Walmart fell 2.4%, leading the Dow Jones Industrial Average to a loss of 1%, after the giant retailer reported earnings that missed Wall Street’s target and sales that declined for the fifth consecutive quarter. The retailer’s forecast for the current quarter also came in below projections.
Meanwhile, David Tepper, founder of $20 billion hedge fund Appaloosa Management LP, said that he favored some cash and that “this is the time to preserve money.”
The small caps started yesterday as the most heavily sold sector. But by the close, the Russell 2000 — the index that most closely represents small-cap stocks — regained much of its early losses and closed lower by 0.7%.
Economic data was generally better than expected: Initial claims fell to 297,000 vs. Briefing.com’s estimate that claims would increase to 325,000. Consumer prices increased 0.3% in April, up from a 0.2% increase in March. The Empire Manufacturing Survey for May was 19 — a four-year high — vs. an expected 4.8. But the Philly Fed’s Business Outlook showed a slight deceleration of manufacturing growth in May. Most important, the May NAHB Housing Index fell to 45, missing expectations of 48.
At the close, the Dow Jones Industrial Average fell 167 points to 16,447, the S&P 500 lost 18 points to finish at 1871 and the Nasdaq fell 31 points to 4069. The primary NYSE market traded 750 million shares with total volume of 3.5 billion shares, while the Nasdaq crossed just over 2 billion shares. Decliners topped advancers by a ratio of about 2.2-to-1 on both major exchanges.
The Dow Jones Industrial Average still is (barely) holding above its 50-day moving average at 16,402. Resistance is at 16,576 and support at 16,175. There also is a support line at 16,015, just above its 200-day moving average at 15,878. On Thursday, the MACD indicator flashed a short-term sell signal.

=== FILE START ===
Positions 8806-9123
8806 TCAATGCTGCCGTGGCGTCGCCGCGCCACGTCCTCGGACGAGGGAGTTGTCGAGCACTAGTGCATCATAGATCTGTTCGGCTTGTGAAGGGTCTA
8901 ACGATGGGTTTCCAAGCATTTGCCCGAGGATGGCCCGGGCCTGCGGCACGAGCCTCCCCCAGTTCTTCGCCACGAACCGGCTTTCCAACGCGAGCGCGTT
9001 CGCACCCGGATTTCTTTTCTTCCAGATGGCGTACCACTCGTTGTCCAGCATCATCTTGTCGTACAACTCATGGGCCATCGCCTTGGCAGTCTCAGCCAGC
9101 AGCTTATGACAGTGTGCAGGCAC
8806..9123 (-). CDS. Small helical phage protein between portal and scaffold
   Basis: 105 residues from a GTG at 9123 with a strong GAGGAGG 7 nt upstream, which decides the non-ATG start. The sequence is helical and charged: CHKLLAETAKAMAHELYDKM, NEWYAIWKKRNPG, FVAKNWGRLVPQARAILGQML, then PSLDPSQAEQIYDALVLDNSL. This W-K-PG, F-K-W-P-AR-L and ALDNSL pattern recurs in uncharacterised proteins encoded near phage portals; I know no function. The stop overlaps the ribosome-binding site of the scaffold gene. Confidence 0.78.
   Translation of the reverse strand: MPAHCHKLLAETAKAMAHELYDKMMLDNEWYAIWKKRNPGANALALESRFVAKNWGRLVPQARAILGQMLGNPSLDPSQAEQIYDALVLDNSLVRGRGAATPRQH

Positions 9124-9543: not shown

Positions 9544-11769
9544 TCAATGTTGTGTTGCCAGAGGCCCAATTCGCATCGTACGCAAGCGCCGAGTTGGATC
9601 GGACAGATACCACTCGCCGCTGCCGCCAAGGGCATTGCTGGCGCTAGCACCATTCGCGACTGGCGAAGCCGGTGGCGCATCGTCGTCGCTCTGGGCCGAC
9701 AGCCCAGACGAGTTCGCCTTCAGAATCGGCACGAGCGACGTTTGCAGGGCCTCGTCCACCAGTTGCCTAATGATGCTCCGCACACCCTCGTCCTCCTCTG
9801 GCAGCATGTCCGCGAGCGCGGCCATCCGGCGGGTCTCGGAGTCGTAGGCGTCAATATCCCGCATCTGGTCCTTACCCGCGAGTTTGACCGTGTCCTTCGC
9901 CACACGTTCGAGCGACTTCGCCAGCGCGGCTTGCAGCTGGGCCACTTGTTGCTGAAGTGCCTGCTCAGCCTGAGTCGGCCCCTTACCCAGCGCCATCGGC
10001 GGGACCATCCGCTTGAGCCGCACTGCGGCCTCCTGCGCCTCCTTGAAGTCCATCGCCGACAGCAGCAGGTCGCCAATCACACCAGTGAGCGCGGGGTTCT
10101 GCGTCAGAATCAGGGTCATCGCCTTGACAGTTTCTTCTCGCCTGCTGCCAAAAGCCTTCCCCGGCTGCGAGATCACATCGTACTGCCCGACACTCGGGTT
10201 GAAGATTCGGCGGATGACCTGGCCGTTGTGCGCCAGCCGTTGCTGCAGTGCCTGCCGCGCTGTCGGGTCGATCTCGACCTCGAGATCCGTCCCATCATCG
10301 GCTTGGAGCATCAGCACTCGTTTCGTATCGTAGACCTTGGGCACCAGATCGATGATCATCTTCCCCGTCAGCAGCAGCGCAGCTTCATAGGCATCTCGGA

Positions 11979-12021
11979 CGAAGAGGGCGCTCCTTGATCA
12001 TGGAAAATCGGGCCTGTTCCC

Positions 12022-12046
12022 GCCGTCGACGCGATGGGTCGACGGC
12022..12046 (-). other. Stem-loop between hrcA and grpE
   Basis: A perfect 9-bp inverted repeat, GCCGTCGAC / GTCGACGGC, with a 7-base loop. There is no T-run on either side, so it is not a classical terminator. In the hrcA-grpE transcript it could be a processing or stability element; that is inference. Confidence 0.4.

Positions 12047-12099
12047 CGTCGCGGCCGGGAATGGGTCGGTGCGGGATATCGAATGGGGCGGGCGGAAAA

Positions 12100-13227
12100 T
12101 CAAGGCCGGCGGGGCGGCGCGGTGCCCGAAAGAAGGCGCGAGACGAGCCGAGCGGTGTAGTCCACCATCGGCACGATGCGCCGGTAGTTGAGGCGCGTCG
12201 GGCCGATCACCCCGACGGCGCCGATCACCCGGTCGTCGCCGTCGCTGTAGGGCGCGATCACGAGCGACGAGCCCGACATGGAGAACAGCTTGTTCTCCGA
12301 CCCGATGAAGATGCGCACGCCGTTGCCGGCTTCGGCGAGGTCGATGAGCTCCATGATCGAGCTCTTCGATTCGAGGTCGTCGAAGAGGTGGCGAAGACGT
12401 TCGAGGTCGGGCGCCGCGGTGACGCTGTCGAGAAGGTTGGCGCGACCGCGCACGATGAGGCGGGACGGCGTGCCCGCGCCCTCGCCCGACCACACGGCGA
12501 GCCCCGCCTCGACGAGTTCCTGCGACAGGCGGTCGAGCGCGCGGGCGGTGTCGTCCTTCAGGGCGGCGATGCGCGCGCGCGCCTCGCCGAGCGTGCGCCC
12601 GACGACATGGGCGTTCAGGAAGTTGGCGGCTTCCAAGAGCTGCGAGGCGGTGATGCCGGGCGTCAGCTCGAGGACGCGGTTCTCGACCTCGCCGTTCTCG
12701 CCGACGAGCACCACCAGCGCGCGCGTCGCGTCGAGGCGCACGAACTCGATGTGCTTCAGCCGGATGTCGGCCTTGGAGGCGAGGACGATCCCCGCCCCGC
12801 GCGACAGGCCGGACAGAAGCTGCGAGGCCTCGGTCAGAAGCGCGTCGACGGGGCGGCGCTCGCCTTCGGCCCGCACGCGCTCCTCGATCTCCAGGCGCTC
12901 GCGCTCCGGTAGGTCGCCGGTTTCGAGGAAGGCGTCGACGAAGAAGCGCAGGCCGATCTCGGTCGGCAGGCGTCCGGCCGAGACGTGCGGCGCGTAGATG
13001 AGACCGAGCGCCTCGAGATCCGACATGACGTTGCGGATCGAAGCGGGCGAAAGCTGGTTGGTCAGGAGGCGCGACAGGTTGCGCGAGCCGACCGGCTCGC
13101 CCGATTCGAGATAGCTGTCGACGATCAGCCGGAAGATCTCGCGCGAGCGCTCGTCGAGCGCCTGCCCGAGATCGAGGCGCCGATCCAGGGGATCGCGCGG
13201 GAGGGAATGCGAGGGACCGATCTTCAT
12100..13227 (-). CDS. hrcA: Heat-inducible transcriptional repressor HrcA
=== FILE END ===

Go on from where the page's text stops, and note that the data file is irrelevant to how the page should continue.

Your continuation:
The Russell 2000 escaped a breakdown by the hair of a bear on Thursday. It closed at 1095.87, which is above the support line at 1094, the closing low of February. Resistance to an advance starts at the 200-day moving average at 1117, then the resistance line at 1134.
The two very different-looking charts illustrate the struggle being fought over the next direction of the market.
The bulls say that a Dow Theory buy signal has been confirmed and that the theory has a 90%-plus record of accuracy. They also point to the enormous advance in technology stocks in February and last year, and so we should expect some “retracement to the norm.” And they are heartened by the late buying yesterday that rescued the Russell 2000 from a close below the February low close of 1,094.
The bears have another point of view: They point to the tepid economic data and the falling interest rates that prove to them that stock sales are being put into bonds. They also point out that the small- and mid-cap stocks should lead the way to new highs, indicating a healthy market in which buyers’ optimism prevails. And finally they would point out that in the last two weeks, downside volume has exceeded volume on the upside.
Both points of view are worth considering. However, the overriding, fundamental rule is that investors should always follow the major trend — and that is up. The bull might have slowed down, and it might even even injured … but it’s not dead.
Still, the last two days should shake the optimism of the most optimistic bull.
Cash is still king, and the accumulation of it should be our priority until a clear vision of the short and intermediate trends evolve.
Today’s Trading Landscape
To see a list of the companies reporting earnings today, click here.
For a list of this week’s economic reports due out, click here.